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News | June 6, 2024

CRF experts deliver frontline warfighter support

By Sarah Gauvin DCMA Public Affairs

Within a global organization that manages billions of dollars in Department of Defense contracts, the Combat Support Center’s Contingency Response Force, or CRF, is often the Defense Contract Management Agency’s tip of the spear. 

“CRF is a very integral part of what DCMA does,” said Kimberly Gayton, CRF program manager. “As a combat support agency, we are a force provider hiring, training and deploying personnel to sustain DOD mission requirements.”  

CRF employees deploy to operational theaters around the world to help deliver the products and services warfighters need to fight, survive, and win. This group supports several mission requirements including contracting, quality assurance and property management.

Gayton said employees sign on for four-year terms, which feeds the CRF deployment cycle to include up to two years of home-station readiness and pre-deployment training. This is often followed by seven- to 11-month deployment assignments and redeployment education. 

During readiness preparation, trainees are assigned to a contract management office. There, they attend Defense Acquisition University courses, earning their required Defense Acquisition Workforce Improvement Act certifications. They also execute their CMO responsibilities, complete localized training, and maintain medical and basic readiness.  

Once identified for a deployment, CRF personnel enter the pre-deployment phase. During this phase, team members complete courses specific to their deployment, attend a pre-deployment orientation to receive administrative training, and learn what to expect while deployed, said Gayton.  

DCMA conducted two pre-deployment orientation events since January. This training prepared approximately 40 CRF members to deploy to places like Iraq, Kuwait, Jordan, Qatar, Germany and Poland. The next orientation session is scheduled to begin in August.

The final step of the pre-deployment phase is attending CONUS Replacement Center mobilization training at Camp Atterbury, Indiana. Here, civilians receive military-specific training on weapons, combat gear and culture. Before leaving Camp Atterbury, CRF members are issued deployment-required operational gear.  

“Once someone is trained and ready for deployment, they will typically alternate through the deployment and re-deployment phases, with about six months dwell time in between,” said Gayton. “At the end of four years, CRF employees have the opportunity to reapply to the program or to transition to a non-CRF position within DCMA.”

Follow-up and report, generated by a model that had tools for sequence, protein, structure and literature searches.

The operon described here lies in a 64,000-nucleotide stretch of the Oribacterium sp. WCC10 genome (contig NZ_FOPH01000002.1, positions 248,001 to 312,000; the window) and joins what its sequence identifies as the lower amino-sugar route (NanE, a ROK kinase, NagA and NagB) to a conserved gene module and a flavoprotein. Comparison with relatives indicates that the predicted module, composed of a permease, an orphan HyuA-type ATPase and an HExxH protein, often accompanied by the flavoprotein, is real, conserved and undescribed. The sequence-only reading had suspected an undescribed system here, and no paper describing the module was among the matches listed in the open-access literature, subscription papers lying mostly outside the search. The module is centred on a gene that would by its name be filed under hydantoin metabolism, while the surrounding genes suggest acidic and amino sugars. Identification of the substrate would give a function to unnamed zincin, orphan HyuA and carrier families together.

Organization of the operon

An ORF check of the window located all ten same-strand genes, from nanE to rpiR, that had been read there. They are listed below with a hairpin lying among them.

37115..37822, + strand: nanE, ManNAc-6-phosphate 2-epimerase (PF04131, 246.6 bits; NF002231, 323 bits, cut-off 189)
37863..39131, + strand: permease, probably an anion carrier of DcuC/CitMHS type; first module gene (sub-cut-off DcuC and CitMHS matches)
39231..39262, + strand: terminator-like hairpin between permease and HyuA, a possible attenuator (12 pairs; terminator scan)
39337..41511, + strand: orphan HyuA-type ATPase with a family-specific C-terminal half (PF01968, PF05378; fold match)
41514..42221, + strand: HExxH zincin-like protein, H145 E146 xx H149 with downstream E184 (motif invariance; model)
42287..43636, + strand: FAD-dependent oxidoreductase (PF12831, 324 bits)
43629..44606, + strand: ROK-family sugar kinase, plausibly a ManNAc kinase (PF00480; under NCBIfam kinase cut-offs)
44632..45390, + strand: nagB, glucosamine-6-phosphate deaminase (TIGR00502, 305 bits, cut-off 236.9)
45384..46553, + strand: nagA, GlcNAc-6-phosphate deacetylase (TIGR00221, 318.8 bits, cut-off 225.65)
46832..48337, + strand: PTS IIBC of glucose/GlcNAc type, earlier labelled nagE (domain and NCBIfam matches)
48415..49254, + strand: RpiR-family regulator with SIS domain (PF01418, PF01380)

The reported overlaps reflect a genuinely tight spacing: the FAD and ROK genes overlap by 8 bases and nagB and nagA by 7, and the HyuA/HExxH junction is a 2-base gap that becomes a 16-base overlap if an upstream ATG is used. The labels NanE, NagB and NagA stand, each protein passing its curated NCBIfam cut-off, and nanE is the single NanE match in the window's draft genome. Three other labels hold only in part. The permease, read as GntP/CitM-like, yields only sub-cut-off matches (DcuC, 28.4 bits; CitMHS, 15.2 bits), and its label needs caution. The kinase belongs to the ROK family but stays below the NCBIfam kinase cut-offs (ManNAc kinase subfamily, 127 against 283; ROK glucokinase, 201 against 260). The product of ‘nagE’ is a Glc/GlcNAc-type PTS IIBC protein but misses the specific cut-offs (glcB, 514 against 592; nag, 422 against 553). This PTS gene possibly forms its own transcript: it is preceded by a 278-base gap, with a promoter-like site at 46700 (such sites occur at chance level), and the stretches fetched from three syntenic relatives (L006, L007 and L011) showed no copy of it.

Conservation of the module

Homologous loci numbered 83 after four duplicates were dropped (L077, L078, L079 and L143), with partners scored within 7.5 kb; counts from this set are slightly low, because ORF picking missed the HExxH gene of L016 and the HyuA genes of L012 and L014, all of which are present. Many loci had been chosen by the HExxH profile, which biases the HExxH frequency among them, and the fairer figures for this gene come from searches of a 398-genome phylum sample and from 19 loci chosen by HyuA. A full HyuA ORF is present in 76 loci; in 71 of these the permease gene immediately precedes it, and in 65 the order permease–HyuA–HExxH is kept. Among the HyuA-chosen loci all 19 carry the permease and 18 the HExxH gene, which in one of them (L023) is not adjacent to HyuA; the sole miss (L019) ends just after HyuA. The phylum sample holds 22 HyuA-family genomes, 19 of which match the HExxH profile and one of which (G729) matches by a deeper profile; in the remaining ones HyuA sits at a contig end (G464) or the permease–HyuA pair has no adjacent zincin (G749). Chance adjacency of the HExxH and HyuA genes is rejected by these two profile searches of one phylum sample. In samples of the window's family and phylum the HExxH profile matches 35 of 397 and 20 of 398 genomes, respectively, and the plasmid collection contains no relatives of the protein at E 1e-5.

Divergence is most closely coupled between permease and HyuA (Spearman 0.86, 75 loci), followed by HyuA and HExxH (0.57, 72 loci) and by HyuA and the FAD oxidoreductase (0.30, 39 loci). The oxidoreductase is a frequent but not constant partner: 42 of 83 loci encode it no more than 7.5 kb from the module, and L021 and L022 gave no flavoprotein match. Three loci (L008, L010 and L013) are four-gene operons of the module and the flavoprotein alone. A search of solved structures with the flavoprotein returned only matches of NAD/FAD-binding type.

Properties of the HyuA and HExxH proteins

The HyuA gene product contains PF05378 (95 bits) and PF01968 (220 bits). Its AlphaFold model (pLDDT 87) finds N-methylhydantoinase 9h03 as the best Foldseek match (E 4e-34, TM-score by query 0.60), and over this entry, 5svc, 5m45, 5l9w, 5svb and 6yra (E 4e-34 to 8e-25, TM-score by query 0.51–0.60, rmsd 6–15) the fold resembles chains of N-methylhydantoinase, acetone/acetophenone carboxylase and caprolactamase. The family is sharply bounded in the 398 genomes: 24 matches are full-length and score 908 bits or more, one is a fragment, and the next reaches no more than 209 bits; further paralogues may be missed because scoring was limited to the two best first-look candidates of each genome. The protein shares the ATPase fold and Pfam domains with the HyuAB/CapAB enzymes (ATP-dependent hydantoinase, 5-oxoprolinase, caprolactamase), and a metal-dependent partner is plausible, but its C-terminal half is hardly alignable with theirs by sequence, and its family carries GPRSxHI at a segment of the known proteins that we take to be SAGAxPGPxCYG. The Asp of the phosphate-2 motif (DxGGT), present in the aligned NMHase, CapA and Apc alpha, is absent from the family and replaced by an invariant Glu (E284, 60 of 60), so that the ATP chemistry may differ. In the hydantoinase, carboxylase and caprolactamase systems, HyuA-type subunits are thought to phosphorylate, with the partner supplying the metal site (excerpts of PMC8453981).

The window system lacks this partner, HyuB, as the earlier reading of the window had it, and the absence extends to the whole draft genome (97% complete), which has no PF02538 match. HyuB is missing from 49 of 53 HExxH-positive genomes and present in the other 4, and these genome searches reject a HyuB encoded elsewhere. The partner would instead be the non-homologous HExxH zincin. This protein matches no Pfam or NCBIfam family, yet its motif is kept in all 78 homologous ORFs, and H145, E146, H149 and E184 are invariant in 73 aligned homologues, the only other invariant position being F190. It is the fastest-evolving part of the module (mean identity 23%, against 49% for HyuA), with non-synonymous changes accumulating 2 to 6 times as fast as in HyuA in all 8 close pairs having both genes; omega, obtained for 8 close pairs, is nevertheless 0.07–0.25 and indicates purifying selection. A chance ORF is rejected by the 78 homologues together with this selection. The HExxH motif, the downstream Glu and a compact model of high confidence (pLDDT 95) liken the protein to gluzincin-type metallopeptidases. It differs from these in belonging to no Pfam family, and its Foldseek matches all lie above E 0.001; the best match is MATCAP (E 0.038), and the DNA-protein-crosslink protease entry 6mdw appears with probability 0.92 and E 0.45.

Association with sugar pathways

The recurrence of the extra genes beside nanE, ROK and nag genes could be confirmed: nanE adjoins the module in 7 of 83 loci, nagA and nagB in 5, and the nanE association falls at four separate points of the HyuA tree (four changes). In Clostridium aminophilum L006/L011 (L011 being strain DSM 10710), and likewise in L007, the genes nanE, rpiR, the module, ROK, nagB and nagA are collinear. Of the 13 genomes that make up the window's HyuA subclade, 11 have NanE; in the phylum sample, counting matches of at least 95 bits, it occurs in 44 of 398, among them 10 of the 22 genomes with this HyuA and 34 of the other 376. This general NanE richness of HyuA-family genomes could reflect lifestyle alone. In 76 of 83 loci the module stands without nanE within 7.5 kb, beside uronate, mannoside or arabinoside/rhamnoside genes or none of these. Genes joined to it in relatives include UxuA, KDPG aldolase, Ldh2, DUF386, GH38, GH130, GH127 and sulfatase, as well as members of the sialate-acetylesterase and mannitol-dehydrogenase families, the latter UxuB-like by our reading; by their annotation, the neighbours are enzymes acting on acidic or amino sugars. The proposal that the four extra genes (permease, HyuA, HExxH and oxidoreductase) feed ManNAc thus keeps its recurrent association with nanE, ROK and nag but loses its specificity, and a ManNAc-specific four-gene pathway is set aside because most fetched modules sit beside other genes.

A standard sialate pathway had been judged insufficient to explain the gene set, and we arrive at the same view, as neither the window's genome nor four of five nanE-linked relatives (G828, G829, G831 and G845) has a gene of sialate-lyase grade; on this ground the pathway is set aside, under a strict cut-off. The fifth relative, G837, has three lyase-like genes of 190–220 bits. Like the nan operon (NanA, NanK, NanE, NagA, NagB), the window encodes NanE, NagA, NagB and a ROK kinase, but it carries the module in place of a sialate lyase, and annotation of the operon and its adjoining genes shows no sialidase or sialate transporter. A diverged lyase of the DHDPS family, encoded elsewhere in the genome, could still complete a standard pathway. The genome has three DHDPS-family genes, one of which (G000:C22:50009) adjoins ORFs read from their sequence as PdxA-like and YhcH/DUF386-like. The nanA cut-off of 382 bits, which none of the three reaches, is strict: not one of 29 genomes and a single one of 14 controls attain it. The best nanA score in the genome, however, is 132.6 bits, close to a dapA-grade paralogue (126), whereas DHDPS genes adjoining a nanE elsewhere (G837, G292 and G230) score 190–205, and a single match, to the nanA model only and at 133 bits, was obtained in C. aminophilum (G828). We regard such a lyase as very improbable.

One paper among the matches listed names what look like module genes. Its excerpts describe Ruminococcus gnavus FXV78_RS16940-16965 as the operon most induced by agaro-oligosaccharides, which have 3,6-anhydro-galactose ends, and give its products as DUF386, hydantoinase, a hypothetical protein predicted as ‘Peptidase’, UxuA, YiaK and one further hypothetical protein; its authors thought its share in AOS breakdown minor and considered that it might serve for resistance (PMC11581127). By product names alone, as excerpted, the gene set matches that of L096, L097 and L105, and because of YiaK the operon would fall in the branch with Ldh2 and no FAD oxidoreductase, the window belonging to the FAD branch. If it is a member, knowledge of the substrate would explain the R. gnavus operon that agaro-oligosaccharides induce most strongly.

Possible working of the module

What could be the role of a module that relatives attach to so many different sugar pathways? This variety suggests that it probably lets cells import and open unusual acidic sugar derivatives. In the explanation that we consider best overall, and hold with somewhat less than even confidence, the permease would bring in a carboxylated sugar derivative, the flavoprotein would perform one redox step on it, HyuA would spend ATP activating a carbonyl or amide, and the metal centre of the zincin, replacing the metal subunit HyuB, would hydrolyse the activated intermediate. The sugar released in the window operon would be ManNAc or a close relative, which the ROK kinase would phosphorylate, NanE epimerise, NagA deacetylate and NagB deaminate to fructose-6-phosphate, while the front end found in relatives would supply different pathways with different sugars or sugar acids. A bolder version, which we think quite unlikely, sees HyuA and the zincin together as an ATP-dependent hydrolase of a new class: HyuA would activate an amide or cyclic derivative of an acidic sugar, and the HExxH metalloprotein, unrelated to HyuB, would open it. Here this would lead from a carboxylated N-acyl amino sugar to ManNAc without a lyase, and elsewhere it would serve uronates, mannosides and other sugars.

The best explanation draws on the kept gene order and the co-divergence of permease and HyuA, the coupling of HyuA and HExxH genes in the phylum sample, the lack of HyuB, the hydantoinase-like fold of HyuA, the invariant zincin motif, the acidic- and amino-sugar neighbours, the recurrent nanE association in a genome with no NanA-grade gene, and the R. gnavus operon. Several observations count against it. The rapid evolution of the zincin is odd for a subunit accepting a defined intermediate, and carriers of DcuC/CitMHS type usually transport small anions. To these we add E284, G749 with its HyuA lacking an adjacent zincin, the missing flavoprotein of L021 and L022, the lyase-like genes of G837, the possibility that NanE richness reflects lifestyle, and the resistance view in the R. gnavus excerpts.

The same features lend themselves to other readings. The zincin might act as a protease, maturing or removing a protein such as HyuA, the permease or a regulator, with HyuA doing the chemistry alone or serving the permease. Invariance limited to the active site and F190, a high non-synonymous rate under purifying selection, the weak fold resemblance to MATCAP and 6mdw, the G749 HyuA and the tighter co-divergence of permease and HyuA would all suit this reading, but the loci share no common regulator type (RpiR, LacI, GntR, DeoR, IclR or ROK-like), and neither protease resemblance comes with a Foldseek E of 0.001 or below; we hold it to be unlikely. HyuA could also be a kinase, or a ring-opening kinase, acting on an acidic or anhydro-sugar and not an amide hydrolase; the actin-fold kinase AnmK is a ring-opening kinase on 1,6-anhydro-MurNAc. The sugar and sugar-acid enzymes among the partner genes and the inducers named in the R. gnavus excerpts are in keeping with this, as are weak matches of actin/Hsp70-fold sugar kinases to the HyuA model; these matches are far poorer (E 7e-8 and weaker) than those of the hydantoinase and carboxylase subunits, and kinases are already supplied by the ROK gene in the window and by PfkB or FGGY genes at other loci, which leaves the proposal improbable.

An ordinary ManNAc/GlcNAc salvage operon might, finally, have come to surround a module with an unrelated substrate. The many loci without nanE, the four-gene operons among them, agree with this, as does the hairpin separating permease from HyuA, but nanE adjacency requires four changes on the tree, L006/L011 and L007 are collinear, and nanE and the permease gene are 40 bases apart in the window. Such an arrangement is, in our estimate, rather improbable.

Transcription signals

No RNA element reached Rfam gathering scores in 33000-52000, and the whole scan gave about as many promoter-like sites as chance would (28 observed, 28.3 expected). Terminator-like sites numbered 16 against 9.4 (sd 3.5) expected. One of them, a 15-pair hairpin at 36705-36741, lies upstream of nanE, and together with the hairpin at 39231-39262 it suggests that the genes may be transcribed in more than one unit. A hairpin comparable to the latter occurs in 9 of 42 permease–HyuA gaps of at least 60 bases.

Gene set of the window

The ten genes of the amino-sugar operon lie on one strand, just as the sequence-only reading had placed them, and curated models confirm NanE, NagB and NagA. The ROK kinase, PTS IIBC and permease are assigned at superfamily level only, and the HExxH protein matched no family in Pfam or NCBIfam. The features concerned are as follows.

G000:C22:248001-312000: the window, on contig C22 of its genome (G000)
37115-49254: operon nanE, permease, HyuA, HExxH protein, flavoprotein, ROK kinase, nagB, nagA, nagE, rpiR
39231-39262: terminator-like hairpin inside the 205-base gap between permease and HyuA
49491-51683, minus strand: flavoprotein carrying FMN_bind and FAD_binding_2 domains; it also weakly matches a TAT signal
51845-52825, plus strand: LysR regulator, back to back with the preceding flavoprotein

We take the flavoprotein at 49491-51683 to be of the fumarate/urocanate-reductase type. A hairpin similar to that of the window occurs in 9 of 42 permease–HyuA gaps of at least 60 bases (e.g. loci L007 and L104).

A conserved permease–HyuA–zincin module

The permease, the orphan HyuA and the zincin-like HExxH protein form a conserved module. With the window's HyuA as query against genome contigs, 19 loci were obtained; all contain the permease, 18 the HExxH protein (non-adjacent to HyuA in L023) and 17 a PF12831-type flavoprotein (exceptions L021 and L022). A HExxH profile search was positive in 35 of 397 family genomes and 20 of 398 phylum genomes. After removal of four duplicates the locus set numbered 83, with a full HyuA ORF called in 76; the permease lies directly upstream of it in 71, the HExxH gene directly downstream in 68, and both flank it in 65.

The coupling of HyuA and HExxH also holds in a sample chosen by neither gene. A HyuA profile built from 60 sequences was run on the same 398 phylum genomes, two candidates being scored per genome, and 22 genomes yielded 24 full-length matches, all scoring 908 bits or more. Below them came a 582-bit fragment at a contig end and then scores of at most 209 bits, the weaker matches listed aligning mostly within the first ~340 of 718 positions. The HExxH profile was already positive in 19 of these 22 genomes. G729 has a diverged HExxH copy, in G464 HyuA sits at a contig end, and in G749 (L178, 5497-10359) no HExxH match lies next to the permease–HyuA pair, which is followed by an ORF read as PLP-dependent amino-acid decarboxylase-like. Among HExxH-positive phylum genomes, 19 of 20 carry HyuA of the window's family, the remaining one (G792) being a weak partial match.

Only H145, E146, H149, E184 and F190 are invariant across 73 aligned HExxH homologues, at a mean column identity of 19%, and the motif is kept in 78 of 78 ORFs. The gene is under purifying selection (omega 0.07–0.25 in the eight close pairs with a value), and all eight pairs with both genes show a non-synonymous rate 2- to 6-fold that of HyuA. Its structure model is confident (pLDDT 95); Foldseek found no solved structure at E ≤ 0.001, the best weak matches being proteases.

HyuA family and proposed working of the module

DCMA has 184 dedicated CRF positions and is actively recruiting employees for 87 openings.  

“The CRF mission is a must-do, must-fund,” said Gayton. “DOD relies upon our ability to support contracting, quality assurance, property, and administrative efforts at home and overseas. So, recruitment is a priority for the agency.”

In addition to the excitement and adventure, CRF positions offer additional benefits. Gayton said employees are generally hired as GS-11s or -12s. While deployed, these personnel are temporarily promoted to GS-12 or -13 respectively, while receiving the living, medical, and ancillary benefits as the military cadre.

Gayton speaks from experience. She deployed twice during her civilian DOD career. While deployed in 2018, she was the rest and recuperation program manager for U.S. Central Command, ensuring warfighters received timely R&R during their deployments while establishing best practices to include policy and process.

“Like our service members who deploy, members of the CRF make personal sacrifices,” said Gayton. “But those sacrifices don’t compare to the personal and professional accomplishment and pride achieved when you support the DOD mission on the frontline.”  

Beyond the financial benefits, many CRF employees said the experience of seeing their work in action is the best part of their job.  

“Contract and quality assurance specialists working at DCMA headquarters or at the CMOs don’t get to see the fruits of their labor the way we do when we are deployed,” said Gayton. “There is nothing like seeing the contracts and equipment we administer saving military and civilian lives in operational theaters.”

To apply for a CRF position, visit USAJobs.  

For more information on the CRF program or to become a volunteer, visit its 365 page (login required).